As suggested by the literature, HMSC is characterized by a salivary gland tumor-like appearance and overlying surface dysplasia. The highlight of our case that the salivary gland component of our tumor did not show morphologic and immunophenotypic features that support the biphasic differentiation of ductal and myoepithelial cells, there were no ducts or cribriform structures surrounded by basaloid cells and the myoepithelial immunohistochemical markers were negative. Our tumor demonstrated variably sized nests and regular surface epithelium with negative immunostaining of p40 and p63, which could exclude the diagnostic of squamous cell carcinoma (SCC). Strong and diffuse immunoreactivity of p16 was also the diagnostic clue of HMSC.
By definition HMSC is associated with high-risk HPV infection, P16 is a useful immunohistochemical marker, that all cases reported in the literature are positive for P16 with strong and diffuse immunoreactivity as well our case. HPV testing by ribonucleic acid (RNA) in situ hybridization or polymerase chain reaction (PCR) are the best methods to confirm HPV infection and to establish the diagnostic of HMSC. HPV type 33 is the most common HPV genotype associated with HMSC, followed by rare cases of HMSC associated with HPV type 35, 16, 56 and 52 [1,6-8].
SOX10 is a transcription factor that was described as a diagnostic nuclear marker of melanocytic and nerve sheath tumors. Recently, SOX10 positivity has also been reported in ACC and other salivary gland tumors .
More recently, in 2018, a study by Hsieh et al. has shown that HMSC cells are diffusely positive for SOX10, whereas the overlying atypical squamous epithelium and the squamous cell carcinoma (SCC) are negative for SOX10. This study concluded that SOX10 is a useful immunohistochemical marker for HMSC and especially to differentiate HMSC from HPV-related squamous cell carcinoma (SCC) . However, Rooper et al. demonstrated that SOX10 is positive in 83% of basaloid variant of HPV-related SCC .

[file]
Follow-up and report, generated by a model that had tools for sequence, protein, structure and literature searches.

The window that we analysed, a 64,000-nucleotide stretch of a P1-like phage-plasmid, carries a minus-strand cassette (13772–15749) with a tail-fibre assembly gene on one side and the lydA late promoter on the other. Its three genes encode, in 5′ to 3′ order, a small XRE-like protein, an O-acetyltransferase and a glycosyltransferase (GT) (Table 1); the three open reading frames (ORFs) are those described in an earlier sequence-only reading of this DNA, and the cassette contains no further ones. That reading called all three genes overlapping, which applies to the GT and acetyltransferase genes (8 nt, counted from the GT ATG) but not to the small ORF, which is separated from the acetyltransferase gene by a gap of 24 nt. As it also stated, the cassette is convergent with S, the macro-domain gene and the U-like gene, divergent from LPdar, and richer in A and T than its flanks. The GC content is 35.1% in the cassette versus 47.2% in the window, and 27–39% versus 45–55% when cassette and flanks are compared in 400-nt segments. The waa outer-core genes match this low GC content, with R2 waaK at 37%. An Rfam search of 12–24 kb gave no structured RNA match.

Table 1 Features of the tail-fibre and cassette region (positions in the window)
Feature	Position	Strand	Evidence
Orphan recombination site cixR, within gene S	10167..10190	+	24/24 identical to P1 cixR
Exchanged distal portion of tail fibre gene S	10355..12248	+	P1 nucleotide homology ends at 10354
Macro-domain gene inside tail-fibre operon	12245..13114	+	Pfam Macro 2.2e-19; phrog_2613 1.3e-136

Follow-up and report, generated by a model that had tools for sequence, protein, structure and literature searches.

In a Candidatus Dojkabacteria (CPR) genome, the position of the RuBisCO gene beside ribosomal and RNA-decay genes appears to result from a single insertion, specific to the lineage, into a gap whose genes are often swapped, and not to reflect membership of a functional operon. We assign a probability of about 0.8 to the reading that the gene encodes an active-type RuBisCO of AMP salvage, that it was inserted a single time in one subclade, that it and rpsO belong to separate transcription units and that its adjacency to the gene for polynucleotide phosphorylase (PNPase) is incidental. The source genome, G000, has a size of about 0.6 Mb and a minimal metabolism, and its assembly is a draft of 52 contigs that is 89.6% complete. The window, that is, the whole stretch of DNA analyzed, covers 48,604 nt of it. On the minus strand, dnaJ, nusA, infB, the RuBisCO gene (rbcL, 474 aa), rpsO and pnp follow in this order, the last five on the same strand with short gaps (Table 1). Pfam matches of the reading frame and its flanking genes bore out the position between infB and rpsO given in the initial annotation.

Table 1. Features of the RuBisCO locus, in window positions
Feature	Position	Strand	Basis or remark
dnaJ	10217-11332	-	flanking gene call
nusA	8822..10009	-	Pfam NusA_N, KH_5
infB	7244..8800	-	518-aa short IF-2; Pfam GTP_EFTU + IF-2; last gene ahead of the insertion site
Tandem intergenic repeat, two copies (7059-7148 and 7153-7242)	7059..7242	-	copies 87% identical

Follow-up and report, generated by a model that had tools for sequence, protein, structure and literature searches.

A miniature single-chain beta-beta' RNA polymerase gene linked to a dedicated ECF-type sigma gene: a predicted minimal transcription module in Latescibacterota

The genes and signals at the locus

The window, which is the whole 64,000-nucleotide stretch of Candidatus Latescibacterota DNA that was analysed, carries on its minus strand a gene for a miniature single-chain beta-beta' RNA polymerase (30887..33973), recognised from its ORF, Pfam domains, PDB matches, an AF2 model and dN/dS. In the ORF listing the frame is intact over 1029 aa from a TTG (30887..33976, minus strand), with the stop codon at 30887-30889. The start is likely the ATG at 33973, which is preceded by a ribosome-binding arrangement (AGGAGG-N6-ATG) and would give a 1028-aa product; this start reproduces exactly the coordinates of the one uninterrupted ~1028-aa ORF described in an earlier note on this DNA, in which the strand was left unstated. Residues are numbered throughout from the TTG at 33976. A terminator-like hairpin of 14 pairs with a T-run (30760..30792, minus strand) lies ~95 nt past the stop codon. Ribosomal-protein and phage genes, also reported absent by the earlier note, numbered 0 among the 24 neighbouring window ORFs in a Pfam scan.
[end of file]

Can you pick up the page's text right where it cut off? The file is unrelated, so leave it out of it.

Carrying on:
As such, the usefulness of SOX10 to distinguish HMSC and SCC, particularly basaloid variant, is very limited. This marker also cannot be used to differentiate HMSC from ACC.
It has been established that ACC demonstrate fusions involving proto-oncogenes MYB or MYBL1, by consequence the majority of ACC showed overexpression of the MYB protein [14,15]. However, a recent study by Shah et al. concluded that MYB protein has limited utility in separating adenoid cystic carcinoma from HMSC. Indeed, more than half of HMSC cases (6 of 10) having moderate to strong intensity staining with MYB protein, despite consistently lacking MYB rearrangements .
HMSC does not always closely resemble adenoid cystic carcinoma and can resemble squamous cell carcinoma or other salivary tumor types. The diagnosis should be considered for any unusual appearing carcinoma, especially if it resembles a salivary gland tumor. Finally, awareness of this newly recognized entity and judicious use of immunohistochemistry is imperative in avoiding an erroneous diagnosis, and hence guiding accurate patient management.
The authors declare no competing interests.
All the authors have read and agreed to the final manuscript.
Figure 1: A) axial; B) coronal view of computed tomography showing voluminous spontaneously hyperdense mass taking weak contrast, occupying the ethmoid, maxillary and frontal sinus with bony destruction of the left ethmoidal blade and the roof of the left orbit
Figure 2: A) low power showing a proliferation of variably sized nests separated by thick mucoid stroma (H&E x100); B) high power showing tumor cells with plasmacytoid morphology and frequent mitoses (H& E x400)
Figure 3: A) immunostaining for cytokeratin AE1/AE3; B) strong and diffuse expression for p16